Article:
Do not confuse popularity with infamy
To the Expositor:
Re: Words of thanks to Sheguiandah electors and Orville Aguonie (November 18, page 5).
I would be remiss if I did not reply to Georgina Thompson’s letter to the editor. Apparently, Georgina Thompson has popularity confused with infamy. After two years, the nightmare is finally over. With no council meetings, there is no one to ask questions and no opposition.
During the past two years, Georgina has given herself the titles of Interim Management, Deputy Chief, Intergovernmental Affairs Coordinator and last but not least, Acting Chief. These were all made up titles to justify Ms. Thompson sucking up money from the band’s funds to pay her wages. Her term started with a lie and will end with a lie. The outgoing lie I am referring to is the fact that Georgina continues to try using the title of acting chief when Indigenous Affairs does not recognize such a title.
No, Georgina, there will be no feathers to stick in your cap. It’s common knowledge within the community that a meeting was held amongst four factions on the reserve. Each faction put forward a candidate that they wanted on council in exchange for each other’s vote. It worked two years ago (that’s how a man who was on welfare for ten years ended up as chief) and once again these groups of people tried to dominate the council. The only problem with that plan this time around was some of these people from the factions did not want Georgina Thompson back on council. Three of the four members of this council were not elected on their own merits. They didn’t need integrity because it had already been decided long before November 6 who was going to sit on council. Clarence Louie could have run for chief and wouldn’t have been elected. That’s reserve politics for you; the best person doesn’t always win. The INAC-imposed electoral system is broken and welcomes and enables corrupt practices to take place. Factions have discovered that by banding together, they can control the entire council. This has to change!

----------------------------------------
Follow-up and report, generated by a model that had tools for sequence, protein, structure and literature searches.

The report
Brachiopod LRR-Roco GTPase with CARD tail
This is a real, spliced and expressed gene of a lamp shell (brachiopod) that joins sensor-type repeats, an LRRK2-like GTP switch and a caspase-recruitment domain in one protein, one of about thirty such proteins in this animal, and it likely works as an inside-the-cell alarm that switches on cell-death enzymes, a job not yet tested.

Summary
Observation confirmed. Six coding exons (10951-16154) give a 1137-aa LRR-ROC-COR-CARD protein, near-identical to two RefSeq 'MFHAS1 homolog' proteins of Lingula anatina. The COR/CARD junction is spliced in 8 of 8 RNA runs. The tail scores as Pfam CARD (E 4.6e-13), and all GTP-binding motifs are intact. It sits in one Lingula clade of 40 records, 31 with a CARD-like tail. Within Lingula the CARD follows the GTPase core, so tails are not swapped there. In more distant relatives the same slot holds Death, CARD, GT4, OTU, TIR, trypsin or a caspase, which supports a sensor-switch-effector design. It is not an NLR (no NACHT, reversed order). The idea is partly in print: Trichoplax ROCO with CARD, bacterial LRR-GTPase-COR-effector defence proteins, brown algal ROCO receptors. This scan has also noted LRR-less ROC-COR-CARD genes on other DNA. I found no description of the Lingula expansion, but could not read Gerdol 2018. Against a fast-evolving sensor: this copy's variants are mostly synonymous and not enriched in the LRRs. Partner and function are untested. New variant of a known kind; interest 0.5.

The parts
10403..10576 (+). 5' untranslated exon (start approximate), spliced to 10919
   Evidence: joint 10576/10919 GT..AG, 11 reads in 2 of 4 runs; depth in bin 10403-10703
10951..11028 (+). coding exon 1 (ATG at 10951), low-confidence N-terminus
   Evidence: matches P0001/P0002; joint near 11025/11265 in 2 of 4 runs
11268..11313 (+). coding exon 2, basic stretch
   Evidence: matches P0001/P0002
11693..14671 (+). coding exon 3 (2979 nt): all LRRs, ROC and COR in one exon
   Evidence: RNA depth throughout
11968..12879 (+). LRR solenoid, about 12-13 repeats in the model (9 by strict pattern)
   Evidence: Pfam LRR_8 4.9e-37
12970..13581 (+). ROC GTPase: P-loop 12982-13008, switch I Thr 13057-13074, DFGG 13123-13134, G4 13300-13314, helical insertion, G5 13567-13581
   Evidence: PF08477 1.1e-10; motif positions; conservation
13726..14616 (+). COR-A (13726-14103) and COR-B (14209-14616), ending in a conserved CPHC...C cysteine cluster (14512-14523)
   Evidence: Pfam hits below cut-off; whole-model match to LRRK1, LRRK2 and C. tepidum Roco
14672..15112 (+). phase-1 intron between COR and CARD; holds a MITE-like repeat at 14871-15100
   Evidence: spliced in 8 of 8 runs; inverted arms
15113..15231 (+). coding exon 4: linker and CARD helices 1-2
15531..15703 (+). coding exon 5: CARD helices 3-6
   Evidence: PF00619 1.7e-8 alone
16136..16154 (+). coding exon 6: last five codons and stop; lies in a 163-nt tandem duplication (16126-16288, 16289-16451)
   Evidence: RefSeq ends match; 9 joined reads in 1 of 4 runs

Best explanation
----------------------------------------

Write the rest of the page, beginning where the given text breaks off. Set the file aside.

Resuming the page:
It should be quite interesting in the next couple of months when the books are thrown open to see where all the funds have gone. A forensic audit needs to done and if fraud has occurred, then those who defrauded our community should be charged under the Criminal Code of Canada. Actually, an entire organizational audit needs to be done on every single policy, program and employee. People also need to be educated on the roles of chief and councillors and that includes the new council.
Lastly, I would like to convey my sincere thanks to all those that have supported me throughout the years. I am not going away; I fully intend to keep the council on its toes and will continue asking the hard questions.
Sheguiandah First Nation